A joke is told of a university lecturer who, towards the end of the semester, administered an exam to his class.
A student the lecturer had never seen walked into the room and the two, tutor and pupil, regarded each other with shock for long moments.
The student, a notorious truant, had never seen the lecturer. The lecturer was also seeing his student for the first time.
The rest of the students knew that this student, by virtue of being a stranger to the lecturer, was going to have it rough during the assessment. Teachers are wont to be more comfortable and happy reading through scripts written by students known to them.
A rapport between a teacher and a student already favours the latter and could be the fine margin between which student performs well and which one does not.
This is a principle worth emulating in workplaces. It does not help to keep the employer at an arm’s length, deliberately creating an unbreachable buffer and minimising communication between boss and employee.
It behoves every employee to create a rapport with their boss(es) for beyond the worker toiling to give the company a lucrative bottom line is a human being who will, every now and then, be beholden to their emotional needs.
While there is no template on how employees should relate with their bosses, a good, healthy working relationship is crucial for the success of the employee, the employer and the company.
Monicah Karanja, the head of human resources at Octagon, recently told Worklife that employees could be working extra hard because a rise up the ladder, or a company growing bigger and making more money, is likely to promise bigger, better salaries.
It is motivation to grow their skills and better themselves as professionals, however, that produces the best results, she said.
“Performance of an employee can be (determined by if) someone (is) working for salary or working for career growth. When someone is working for career development, they will perform better at work because they have self-motivation,” she said.
The fear of failing a boss one is a friend with, and of hurtling down a pedestal the boss had placed them on, is often enough motivation for employees to work even harder by the day. This could be necessary fear of failure, and it could improve the employee’s skills and make them more efficient.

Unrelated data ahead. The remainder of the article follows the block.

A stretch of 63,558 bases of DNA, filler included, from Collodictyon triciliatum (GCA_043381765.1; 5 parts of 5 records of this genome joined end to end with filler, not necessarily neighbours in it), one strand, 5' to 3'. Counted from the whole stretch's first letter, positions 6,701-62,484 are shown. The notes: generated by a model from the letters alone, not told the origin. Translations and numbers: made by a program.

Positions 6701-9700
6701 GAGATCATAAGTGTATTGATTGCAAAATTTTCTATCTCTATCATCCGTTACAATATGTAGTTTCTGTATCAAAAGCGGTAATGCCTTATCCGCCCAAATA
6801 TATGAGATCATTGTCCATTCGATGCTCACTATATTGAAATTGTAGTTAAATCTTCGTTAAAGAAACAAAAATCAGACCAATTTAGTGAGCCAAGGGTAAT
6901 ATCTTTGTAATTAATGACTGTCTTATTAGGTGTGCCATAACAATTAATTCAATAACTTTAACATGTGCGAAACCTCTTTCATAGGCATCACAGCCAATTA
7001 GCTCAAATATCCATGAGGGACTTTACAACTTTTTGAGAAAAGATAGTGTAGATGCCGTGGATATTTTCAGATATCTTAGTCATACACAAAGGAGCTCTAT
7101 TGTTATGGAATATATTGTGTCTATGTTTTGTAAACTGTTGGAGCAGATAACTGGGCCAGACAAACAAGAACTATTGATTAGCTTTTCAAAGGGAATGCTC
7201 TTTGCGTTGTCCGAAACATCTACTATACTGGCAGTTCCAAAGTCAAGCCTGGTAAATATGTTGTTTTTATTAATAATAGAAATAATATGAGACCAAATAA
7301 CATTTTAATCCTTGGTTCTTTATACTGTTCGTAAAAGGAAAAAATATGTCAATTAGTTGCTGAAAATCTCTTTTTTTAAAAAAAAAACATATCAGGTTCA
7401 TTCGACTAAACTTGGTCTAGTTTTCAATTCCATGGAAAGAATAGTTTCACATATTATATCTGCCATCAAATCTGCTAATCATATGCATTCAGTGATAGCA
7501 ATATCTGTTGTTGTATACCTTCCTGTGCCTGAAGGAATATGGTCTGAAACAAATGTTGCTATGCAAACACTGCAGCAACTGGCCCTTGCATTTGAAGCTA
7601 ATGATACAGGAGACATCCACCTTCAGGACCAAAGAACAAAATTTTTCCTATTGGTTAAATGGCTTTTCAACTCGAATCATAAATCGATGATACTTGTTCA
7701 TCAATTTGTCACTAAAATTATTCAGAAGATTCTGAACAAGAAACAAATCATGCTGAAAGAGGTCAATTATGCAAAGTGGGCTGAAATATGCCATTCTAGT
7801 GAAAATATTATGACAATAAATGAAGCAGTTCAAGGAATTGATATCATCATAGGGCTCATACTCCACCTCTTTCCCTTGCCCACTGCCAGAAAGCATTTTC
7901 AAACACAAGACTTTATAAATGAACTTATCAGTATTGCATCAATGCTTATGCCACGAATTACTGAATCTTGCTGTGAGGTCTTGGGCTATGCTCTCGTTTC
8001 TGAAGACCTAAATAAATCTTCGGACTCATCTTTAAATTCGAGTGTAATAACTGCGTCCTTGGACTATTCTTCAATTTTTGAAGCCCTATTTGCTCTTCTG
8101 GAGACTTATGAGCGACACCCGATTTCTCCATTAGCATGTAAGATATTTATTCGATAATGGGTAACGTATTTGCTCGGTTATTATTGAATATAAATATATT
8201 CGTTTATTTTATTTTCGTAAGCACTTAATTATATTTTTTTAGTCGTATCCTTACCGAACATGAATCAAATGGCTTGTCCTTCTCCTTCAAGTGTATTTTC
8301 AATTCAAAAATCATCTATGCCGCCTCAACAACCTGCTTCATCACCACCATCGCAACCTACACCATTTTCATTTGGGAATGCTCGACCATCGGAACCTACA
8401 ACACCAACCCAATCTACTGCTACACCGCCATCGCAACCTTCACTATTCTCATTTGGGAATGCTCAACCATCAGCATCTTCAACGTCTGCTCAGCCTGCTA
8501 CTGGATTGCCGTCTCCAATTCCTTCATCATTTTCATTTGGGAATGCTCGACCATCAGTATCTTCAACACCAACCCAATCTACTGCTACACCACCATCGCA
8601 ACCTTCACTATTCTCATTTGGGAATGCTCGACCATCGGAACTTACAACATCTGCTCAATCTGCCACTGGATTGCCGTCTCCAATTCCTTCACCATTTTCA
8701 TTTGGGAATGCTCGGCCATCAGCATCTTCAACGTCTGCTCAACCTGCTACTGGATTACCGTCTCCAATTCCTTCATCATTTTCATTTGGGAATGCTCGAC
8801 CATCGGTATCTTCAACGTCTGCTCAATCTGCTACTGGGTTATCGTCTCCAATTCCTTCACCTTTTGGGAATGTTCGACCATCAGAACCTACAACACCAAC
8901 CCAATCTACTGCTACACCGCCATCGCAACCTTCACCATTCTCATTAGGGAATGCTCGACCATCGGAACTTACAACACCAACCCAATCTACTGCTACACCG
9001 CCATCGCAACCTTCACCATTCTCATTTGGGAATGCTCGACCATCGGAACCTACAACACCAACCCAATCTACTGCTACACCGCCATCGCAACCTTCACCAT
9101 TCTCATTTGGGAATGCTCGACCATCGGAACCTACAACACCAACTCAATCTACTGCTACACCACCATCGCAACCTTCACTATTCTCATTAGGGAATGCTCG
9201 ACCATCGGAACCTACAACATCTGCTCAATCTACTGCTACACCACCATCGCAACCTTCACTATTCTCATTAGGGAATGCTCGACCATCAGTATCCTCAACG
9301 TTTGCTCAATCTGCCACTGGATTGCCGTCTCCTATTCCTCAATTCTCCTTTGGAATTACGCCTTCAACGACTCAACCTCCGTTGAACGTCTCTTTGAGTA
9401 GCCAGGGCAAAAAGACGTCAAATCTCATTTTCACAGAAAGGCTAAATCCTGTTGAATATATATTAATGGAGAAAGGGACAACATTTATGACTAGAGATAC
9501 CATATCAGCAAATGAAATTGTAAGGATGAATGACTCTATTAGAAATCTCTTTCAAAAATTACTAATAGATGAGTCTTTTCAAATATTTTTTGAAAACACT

There is also a fear of contributing to a company’s downfall by being lackadaisical. An employee who is close to the employer, or the boss in whatever capacity, is pretty much part of a family that makes the company run. As a crucial cog, they know that their laxity could kill the company, and by so doing eliminate the very platform that such an employee interacts with family.
But there is a fear that closeness with a boss could contribute to an employee being misused, that is, getting asked to perform tasks not aligned with their job description.
It could also lead to a boss being lenient on an employee to an extent where such a boss overlooks the employee’s glaring flaws. This could be detrimental to both the well-being of the employee and of the company.
An article by the Harvard Business Review (HBR) warns that the relationship between a boss and an employee might shroud the former’s judgment.
“Being the boss means you have to accept that not everyone will like you, and that’s okay. At the end of the day, the brutal truth is you’re required to make the tough decisions. That’s why you’re the boss. It’s important for you to recognise that if you’re friends with an employee, you may be blinded to their flaws, or you may not be able to place personal feelings aside so easily when you need to. This is why you have to be extra cautious about not letting your friendships influence your decisions, including raises, assignments, and layoffs,” says the article.
HBR says that bosses should not let their rapport influence their discussions outside work where, on social media platforms, for example, they are tempted to discuss work-related matters. In a study, HBR found that when people were promoted to managerial levels, they reduced interactions with their peers on social media.
“We don’t recommend befriending or following coworkers on social media, regardless of the platform. Your friends may use it to flaunt their bond with you making their colleagues (your direct reports) jealous,” reads the article.
“For this reason, 10 per cent of our respondents unfollowed and unfriended colleagues (and friends) after they were promoted. Many told us that doing so helped instil clearer boundaries between them and reduce the likelihood of oversharing. Others did not, choosing instead to tighten their privacy settings, allowing them to maintain a personal network that exists in isolation from their work network.”
Whichever strategy one chooses to adopt, HBR says, the research suggests “that outside of work, never share any information with your work friends that wouldn’t be shared inside an office. In doing so, you could damage credibility”.
Simply put, a rapport between a boss and an employee is important but should be measured so it is healthy and beneficial to the employee, employer and company.